Dr. Biju Mohandas: Hi, I’m Dr. Biju Mohandas. I’m a Partner and Global Co-Lead of the Healthcare Investment Team at LeapFrog Investments. We are an impact investor, managing about $2 billion in assets across Asia and Africa, investing in businesses that provide access to financial services and healthcare to emerging consumers in these markets. Prior to LeapFrog, I spent two decades as an operator and investor in the healthcare space across multiple countries in Asia and Africa, starting my journey as an officer in India’s Medical Corps.
If we are to design with intent in the healthcare sector, I think as a first step, we should zoom out and recognize some secular trends which are spanning the globe and are manifesting pretty much across every country.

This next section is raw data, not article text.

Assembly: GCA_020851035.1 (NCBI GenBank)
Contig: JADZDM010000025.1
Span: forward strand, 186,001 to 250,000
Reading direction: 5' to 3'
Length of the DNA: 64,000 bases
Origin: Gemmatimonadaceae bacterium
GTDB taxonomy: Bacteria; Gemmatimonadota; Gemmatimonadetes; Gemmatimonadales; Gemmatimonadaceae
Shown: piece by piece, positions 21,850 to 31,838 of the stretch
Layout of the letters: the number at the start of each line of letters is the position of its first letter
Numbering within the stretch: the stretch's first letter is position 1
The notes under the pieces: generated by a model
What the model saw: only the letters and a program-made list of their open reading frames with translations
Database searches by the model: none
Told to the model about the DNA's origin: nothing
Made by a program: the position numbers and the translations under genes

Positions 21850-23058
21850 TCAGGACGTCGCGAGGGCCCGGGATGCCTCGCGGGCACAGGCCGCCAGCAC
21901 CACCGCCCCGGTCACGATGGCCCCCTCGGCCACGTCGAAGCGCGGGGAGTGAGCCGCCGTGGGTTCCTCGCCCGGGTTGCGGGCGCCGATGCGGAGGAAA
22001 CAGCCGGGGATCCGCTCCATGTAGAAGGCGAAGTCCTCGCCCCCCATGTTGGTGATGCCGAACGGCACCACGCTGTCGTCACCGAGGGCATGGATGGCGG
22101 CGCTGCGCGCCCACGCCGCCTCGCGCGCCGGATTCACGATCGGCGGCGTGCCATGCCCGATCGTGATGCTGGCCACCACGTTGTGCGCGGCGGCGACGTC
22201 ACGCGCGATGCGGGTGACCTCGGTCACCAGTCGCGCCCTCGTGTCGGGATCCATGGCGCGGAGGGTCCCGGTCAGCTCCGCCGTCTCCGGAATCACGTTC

One, life expectancy is increasing. Global life expectancy today is about 73. In the nineties, it hovered in the 60s. significant increase. However, the healthy average life expectancy today is about 63 years. This is the number of years an average human lives in good health. As is obvious, there is a large gap between the average life expectancy of about 73 and the healthy average life expectancy of 63.
So put a placeholder there.
Secondly, non communicable diseases as a proportion of global disease burden has risen dramatically, these diseases now account for about 70% of the mortality globally. They’re also a major reason for the growing gap between the healthy average life expectancy and the life expectancy that we discussed earlier.